Alexandra Dovgan in the Musical ADN store. / MIGUE FERNÁNDEZ

Watch the Russian child prodigy of the piano: this is her new life on the Costa del Sol

Alexandra Dovgan is only 14 but performs all over Europe and is about to do so for the first time in Malaga province, where she has been since the invasion of Ukraine

REGINA SOTORRÍO MALAGA.

She insists time and time again that she is "just a normal girl", but she has just come back from Germany after spending some time in Italy and in a few days' time she will fly to Switzerland before returning and performing in Malaga. And, despite all that, she gets up at 7am to run along the beach in Mijas. Because she doesn't only play the piano, although that is what she does most: she also goes to school, goes out for a milkshake with her friends and likes to do sport. "Like any other girl of my age," she says.

At the age of 14 (she will be 15 next month), Alexandra Dovgan, who is Russian, is a revelation, a prodigy who has become a teenage genius at the piano keyboard. She has been based in Malaga province since Putin soured relations with the western world with his invasion of Ukraine and, in a few days, she will be performing there as well, giving her first recital in the province at Malaga's Palacio de Ferias on 3 July.

Alexandra speaks shyly, in short sentences and with her gaze averted, but that changes completely when she sits at the piano. There is no hesitation then, no sign of insecurity. She thrives when she is sitting at her instrument, extracting all sorts of nuances from it with astonishing ease, intense at some moments and delicate at others.

Her skill has been applauded by Grigory Sokolov himself, considered by many the best pianist in the world today. He is not given to flattery and always steers clear of the media, but he recently broke his silence just to speak about her: "Alexandra Dovgan's talent is exceptionally harmonious. Her way of playing is honest and focused. I predict a great future for her," he said.

A sense of responsibility

What is it like when a legend refers to you like that? "You feel a great sense of responsibility. For me, it was very important to hear those words," this young pianist admits.

She recognises that being good enough, and having to please an audience, gets harder over the years. She was only four years old when she gave her first concert and she wasn't worried or nervous then. But now: "I'm not scared, I just feel more responsibility. I don't want to make a mistake or do something I shouldn't," she explains.

For Alexandra, the piano is a natural extension of her hands, and always has been. Her parents are also professional pianists and were her first teachers. "She's better than me now, of course. She makes me proud," says her father Serguey, as she bows her head in embarrassment at the praise.

She and her father live in Mijas now and they have good friends here. Her mother and brother - "he plays the piano too, and football," she says - are still in Moscow.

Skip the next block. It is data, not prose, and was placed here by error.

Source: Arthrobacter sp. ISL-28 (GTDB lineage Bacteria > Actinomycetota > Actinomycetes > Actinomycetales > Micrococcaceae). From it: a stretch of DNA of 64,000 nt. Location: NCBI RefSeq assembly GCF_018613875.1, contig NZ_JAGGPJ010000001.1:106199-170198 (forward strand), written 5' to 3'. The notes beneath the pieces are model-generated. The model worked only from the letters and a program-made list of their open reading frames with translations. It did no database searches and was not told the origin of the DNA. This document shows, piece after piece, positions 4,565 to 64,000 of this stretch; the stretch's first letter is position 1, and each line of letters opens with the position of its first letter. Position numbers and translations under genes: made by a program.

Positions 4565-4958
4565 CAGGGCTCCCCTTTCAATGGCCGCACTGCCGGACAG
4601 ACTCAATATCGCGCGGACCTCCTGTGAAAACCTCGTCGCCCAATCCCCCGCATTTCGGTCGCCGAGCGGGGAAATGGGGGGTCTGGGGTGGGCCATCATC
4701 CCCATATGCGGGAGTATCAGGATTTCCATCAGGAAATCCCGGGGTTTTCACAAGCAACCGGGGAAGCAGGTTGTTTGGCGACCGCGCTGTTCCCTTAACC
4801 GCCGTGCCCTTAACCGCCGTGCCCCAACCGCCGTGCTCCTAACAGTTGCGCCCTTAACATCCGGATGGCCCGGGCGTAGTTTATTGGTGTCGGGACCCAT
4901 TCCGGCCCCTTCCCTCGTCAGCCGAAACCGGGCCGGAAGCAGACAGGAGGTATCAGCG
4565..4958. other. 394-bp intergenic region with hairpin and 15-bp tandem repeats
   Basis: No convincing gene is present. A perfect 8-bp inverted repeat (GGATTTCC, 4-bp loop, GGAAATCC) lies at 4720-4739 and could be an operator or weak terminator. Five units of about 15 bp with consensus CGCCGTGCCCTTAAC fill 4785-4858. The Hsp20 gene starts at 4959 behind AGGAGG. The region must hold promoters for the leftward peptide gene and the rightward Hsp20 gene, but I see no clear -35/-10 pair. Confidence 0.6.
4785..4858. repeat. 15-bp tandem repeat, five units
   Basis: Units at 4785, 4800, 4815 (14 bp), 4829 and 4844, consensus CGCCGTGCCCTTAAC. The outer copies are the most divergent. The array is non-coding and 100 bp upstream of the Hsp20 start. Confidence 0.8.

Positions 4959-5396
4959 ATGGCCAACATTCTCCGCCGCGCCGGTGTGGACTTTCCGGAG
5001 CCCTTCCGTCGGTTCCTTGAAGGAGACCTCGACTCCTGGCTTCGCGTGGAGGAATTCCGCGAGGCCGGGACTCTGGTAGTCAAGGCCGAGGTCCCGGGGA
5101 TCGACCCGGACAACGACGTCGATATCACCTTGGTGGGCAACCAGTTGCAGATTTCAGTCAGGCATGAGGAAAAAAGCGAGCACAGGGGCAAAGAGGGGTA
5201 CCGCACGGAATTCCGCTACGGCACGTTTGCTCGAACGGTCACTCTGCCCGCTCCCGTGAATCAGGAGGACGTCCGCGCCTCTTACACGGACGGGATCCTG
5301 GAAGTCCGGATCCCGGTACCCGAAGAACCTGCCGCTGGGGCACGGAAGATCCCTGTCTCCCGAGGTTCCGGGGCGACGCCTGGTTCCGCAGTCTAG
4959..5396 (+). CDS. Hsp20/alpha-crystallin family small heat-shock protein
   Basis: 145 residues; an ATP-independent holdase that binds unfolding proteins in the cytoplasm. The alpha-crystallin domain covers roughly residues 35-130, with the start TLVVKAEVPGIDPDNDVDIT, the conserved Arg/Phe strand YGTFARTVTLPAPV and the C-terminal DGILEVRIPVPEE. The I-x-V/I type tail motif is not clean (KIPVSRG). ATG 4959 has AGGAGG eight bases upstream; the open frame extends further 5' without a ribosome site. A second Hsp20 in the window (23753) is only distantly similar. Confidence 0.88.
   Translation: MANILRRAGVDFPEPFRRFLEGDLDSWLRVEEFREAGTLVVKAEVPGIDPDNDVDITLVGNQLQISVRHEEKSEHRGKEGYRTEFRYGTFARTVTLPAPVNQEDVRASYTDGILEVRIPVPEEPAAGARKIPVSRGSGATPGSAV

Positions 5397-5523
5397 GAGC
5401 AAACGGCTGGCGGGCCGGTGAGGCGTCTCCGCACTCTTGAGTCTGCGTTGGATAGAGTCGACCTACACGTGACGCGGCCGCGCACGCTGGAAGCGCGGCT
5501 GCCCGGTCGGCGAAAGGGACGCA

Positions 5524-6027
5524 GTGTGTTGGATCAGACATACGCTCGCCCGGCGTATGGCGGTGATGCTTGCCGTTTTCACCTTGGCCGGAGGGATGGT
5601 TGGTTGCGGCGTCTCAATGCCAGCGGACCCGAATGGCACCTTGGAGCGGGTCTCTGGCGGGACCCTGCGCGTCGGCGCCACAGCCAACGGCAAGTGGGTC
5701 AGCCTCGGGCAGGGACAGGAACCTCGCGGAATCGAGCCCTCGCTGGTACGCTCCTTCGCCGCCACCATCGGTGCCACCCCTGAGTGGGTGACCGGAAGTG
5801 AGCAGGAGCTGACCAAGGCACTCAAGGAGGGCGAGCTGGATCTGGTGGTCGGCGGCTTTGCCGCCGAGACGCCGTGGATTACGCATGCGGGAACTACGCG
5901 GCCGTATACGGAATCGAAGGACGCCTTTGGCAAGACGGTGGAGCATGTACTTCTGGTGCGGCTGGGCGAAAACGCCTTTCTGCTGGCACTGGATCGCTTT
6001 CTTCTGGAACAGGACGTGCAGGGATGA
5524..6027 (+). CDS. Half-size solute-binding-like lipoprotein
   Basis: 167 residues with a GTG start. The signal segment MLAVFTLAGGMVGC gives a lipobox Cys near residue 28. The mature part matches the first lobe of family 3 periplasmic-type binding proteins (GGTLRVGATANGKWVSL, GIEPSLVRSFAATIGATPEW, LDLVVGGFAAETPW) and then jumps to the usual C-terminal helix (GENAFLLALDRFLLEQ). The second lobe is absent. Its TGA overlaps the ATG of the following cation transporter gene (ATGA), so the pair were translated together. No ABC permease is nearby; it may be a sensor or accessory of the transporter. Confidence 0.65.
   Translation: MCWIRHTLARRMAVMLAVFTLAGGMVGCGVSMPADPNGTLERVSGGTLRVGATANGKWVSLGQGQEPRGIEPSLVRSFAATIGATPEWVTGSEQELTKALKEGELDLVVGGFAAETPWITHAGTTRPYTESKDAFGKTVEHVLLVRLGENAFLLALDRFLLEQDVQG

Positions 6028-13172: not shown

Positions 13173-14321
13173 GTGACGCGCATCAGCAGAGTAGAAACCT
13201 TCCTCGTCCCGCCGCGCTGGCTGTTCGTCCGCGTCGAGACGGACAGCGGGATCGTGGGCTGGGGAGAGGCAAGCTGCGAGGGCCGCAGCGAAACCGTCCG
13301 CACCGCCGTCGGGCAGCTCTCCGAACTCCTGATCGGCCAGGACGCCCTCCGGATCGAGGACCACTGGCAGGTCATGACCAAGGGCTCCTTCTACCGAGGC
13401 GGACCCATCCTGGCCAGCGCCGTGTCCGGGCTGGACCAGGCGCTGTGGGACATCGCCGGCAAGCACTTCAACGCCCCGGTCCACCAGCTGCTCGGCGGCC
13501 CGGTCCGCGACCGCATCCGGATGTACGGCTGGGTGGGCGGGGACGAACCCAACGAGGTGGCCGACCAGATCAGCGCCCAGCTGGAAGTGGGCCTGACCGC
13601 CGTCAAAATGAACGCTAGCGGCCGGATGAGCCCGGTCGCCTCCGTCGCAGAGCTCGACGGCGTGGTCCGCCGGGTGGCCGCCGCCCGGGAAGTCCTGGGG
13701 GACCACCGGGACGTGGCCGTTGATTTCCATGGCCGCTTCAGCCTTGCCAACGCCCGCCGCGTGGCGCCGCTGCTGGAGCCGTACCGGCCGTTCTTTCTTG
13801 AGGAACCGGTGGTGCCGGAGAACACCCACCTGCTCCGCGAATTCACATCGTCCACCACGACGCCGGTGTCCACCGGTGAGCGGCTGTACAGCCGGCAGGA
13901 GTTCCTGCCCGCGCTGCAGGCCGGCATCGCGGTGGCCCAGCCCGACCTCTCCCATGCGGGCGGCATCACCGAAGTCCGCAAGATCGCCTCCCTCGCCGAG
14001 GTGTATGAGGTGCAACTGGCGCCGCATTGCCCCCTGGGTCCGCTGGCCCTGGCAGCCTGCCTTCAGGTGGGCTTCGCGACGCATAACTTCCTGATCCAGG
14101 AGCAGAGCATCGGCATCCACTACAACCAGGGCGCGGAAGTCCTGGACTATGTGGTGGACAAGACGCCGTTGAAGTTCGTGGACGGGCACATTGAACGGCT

"I do miss my country, my city and my family," says Serguey, but circumstances mean they can't go home. The war has broken off nearly all communication between Russia and Europe and the little that is left is complex and full of difficulties. It would be impossible to organise an international tour for Alexandra if they were based in Moscow, and this is an important stage in her career.

"We don't know whether we will be able to go back, or whether the situation will get better," says her father with resignation. "Any war is bad and damages everyone; we were always two united countries and it is a shame that this is happening. What is most important is that no more people die," he adds.

Online studies

Alexandra has a year to go at secondary school, and she combines her studies with her piano tuition at the Central Music School of the State Conservatory in Moscow. She finished this term's work online from Mijas, but doesn't know what will happen next year. What she is absolutely clear about is that music is her life. The many hours she spends practising are no sacrifice. "It's my profession, and anyway, I love doing it," she says. When she is travelling and can't play, she studies. "I listen to music and play the notes in my head," she says. It's always classical, never rock, pop, rap and definitely not reggaeton. "No, not that, no!" she giggles.

A combination of talent and hard work has won her five international competitions and she has made her debut in prestigious venues such as the Berlin Philharmonie, the Konzerthaus of Vienna and the Great Hall of the Concertgebouw in Amsterdam. In her short career she has played at emblematic events like the Salzburg Festival and Champs Elysées Theatre in Paris, and has played under conductors such as Gustavo Dudamel, Trevor Pinnock and Kazushi Ono.

Her favourite composer is Chopin. "I've played him since I was little, his music thrills me, I feel him very close when I play," she says. She is dedicating the second part of her concert in Malaga to his works. Her performance will open the Arte y Sol Festival which is being organised by Sol Classic Management, and is in the Malaga Palacio de Ferias and Congresos on 3 July at 7.30pm. Ticket prices start at 12 euros.

The recital will be recorded live and will become her first CD, but Alexandra Dovgan has in mind an aim which is as ambitious as it is impossible: "My dream is to tackle all of Chopin and play the whole of his repertoire that exists for the piano," she says.

Her father, at her side, reminds her that it would be unachievable, but she does have something in her favour: "I'm glad I started playing the piano at such a young age. It means I have a lot of time ahead of me to keep improving," she says.